Decoupling Numerical AlgorithmsSource: firstname.lastname@example.org
Problem: Efficient numerical calculations often require sharing large amounts of data between different parts of the program. This can lead to designs that are highly coupled. Is there a better way?
Paul Hodgetts presented the dilemma:
I have a client who is asking about using OO design and C++ for an algorithmic intensive numerical application. The application implements various solving algorithms and formulas, and then they assemble them into scripts that solve complex calculations like air flow over wings and things like that.
They have an existing application written in FORTRAN. It has problems where changes propagate throughout the code and make the changes very expensive and error prone. They like the formulas they've written in FORTRAN because they are aggressively optimized by their FORTRAN compiler. [...]
It seems like the way they use the formulas as building blocks for the scripts lends itself to a component based approach for organizing the formulas. [...] But I am concerned about the performance issues. [...]
Robert C. Martin replied:
I have a similar client, who has a very similar problem. And they asked me a very similar question.
Their problem is twofold. First, they are breaking new ground with these kinds of algorithms, and are constantly having to revise them. Unfortunately the algorithmic code is highly coupled, depending upon huge arrays stuffed with lots of intermediate values. Often a minor change in the algorithm requires a major change in the software. Secondly, the algorithms sometimes fail in predictable ways, (e.g. floating point resolution problems, or infinities). If an algorithm fails in one way there is an alternative algorithm which might work. That alternative uses some of the intermediate values. But starting the new algorithm when the old one fails is tricky. The intermediate values no longer exist. So they have to start over from scratch and recreate them.
We decided to model the algorithm as a graph, (i.e. a set of nodes and edges). Every node represents a transformation of the data, every edge represents an intermediate state. Nodes can have several edges leaving them, some that represent failure states.
We create classes that represent the nodes. They have DO and UNDO functions. We create an algorithm manager that walks the graph of edges and nodes, calling the DO functions and watching for errors. If an error occurs, the managers calls UNDO walking backwards until the data is at a state where a different algorithm can be applied.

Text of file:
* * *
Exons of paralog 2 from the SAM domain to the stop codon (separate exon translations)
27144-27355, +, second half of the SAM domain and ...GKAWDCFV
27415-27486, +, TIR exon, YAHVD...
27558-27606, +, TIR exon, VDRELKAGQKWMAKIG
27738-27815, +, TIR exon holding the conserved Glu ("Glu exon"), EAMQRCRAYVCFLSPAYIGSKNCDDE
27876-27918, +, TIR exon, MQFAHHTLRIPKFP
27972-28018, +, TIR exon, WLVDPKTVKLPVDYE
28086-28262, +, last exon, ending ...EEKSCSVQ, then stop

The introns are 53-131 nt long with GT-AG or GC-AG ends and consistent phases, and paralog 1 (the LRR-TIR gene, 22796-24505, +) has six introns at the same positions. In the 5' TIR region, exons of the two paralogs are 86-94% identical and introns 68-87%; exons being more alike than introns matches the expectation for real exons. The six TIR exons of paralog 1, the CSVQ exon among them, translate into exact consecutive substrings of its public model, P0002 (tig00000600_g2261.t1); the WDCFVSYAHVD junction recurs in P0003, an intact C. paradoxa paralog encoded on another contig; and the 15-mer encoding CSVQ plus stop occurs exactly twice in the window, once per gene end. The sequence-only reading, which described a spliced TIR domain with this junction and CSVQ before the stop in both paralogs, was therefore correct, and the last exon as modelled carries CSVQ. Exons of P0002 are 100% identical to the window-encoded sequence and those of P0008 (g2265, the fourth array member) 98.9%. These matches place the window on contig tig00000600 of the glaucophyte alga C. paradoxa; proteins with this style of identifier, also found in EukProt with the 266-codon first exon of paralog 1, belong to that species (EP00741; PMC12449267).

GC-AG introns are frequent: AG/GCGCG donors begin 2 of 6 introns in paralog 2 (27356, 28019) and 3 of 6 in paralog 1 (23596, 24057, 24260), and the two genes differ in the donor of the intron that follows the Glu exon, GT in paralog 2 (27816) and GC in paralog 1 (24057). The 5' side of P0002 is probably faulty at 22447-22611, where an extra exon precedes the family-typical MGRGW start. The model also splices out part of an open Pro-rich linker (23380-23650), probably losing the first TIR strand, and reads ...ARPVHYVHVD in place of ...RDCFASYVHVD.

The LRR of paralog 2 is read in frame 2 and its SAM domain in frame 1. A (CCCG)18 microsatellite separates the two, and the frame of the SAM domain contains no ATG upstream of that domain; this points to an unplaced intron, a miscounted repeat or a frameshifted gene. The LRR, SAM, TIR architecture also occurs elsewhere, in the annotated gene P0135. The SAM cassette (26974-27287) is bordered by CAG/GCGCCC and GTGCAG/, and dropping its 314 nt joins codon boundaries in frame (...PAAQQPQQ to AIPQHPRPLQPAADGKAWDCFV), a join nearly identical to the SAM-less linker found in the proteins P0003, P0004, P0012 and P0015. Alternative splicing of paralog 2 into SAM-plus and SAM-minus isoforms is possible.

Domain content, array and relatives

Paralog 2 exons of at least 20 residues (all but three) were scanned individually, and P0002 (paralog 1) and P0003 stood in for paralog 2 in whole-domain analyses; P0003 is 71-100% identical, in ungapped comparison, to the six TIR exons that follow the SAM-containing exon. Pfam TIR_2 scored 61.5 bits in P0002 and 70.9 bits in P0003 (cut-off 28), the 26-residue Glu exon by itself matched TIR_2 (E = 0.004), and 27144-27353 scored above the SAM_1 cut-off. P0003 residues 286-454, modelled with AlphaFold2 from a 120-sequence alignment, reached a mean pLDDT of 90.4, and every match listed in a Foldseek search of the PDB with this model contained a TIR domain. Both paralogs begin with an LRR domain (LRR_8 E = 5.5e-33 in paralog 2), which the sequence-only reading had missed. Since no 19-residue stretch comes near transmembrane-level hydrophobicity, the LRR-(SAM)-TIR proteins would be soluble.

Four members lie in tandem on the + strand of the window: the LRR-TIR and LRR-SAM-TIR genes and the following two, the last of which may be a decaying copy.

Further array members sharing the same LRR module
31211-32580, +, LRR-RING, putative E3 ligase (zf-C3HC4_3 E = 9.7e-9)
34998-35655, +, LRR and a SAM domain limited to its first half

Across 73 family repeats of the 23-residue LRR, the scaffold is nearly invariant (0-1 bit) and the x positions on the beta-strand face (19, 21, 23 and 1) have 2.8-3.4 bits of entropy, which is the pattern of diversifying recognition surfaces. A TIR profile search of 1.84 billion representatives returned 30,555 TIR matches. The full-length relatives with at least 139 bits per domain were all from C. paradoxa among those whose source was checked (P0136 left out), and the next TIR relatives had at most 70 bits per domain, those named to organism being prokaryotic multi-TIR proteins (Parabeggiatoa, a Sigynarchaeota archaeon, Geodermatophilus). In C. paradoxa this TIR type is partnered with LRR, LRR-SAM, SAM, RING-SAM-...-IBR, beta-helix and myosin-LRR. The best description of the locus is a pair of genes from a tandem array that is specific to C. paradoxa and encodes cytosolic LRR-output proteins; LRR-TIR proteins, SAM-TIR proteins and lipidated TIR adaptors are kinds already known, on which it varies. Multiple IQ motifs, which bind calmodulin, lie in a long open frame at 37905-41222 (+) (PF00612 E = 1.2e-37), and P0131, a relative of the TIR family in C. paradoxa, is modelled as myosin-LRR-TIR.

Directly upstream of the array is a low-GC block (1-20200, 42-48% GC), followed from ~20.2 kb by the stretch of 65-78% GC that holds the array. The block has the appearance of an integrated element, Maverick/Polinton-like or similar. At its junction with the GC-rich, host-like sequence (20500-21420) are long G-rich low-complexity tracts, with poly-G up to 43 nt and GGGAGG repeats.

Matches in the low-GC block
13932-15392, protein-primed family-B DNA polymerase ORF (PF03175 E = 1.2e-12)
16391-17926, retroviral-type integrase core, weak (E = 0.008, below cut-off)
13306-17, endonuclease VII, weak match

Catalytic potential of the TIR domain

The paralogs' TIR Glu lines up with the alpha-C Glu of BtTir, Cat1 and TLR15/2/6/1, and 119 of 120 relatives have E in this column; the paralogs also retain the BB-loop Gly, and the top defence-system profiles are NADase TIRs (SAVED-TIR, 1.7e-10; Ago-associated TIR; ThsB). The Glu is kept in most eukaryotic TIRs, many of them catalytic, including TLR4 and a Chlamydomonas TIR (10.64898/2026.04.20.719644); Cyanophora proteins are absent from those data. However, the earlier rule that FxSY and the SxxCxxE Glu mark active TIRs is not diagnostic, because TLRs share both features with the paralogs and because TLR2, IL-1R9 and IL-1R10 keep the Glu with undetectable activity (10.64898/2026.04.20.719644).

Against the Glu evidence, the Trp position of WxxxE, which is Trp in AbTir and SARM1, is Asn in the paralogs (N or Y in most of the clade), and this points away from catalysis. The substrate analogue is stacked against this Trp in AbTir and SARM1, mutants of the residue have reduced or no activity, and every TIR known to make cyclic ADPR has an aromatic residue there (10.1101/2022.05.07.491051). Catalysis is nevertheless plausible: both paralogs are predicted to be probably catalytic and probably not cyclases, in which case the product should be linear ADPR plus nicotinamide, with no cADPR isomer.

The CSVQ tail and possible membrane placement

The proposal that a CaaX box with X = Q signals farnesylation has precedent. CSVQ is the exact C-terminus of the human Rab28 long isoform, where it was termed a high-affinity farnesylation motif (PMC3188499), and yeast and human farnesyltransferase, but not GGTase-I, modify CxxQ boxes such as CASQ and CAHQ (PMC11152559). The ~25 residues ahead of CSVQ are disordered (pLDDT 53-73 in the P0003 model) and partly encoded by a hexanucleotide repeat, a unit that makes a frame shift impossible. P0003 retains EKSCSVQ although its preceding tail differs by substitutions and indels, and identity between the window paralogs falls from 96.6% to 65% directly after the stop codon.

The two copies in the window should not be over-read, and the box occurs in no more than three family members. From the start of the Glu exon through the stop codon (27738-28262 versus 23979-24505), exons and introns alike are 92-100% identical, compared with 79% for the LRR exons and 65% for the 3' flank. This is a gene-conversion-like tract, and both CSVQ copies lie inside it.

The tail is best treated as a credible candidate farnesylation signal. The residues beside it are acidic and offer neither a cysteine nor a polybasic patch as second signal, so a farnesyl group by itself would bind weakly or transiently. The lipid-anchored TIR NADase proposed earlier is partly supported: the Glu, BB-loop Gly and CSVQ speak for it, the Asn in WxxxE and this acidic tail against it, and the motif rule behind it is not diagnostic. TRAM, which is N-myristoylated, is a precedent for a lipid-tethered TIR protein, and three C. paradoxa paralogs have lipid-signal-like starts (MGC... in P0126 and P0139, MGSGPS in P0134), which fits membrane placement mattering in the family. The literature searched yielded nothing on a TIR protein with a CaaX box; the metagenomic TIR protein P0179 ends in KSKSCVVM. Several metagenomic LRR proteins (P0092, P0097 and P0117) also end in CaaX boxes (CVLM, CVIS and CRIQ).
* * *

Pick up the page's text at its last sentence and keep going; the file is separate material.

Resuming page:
This structure does two things. It decouples the algorithmic code to some extent, and it also allows a strategy to manipulate the state of the intermediate values.
Alex Aldas presented another solution:
Numerical methods in fields such as computational fluid dynamics attempt to solve a system of differential equation, e.g. the Euler equations. The methods used to solve the system of equations vary based upon computational grid type (tetrahedral, prism, etc.), computational grid dimensions (2D, 3D), Node/Cell centered discretization schemes, etc. One of the goals in developing our system was to abstract the underlining solution method from the application. In other words, we wanted to plug and play solvers.
The approach I took was to abstract the solver from the application by using a sequencer. The sequencer provided an interface to the application for running a generic integration scheme. Each numerical method would require a unique sequencer. The sequencer would be responsible for "sequencing" the integration of the system of differential equations based upon the underlining method. This is analogous Robert's algorithm manager in that it "directs" the execution of events required to perform the integration.
Todd Veldhuizen, The Object-Oriented Numerics Page
John J. Barton and Lee R. Nackman, Scientific and Engineering C++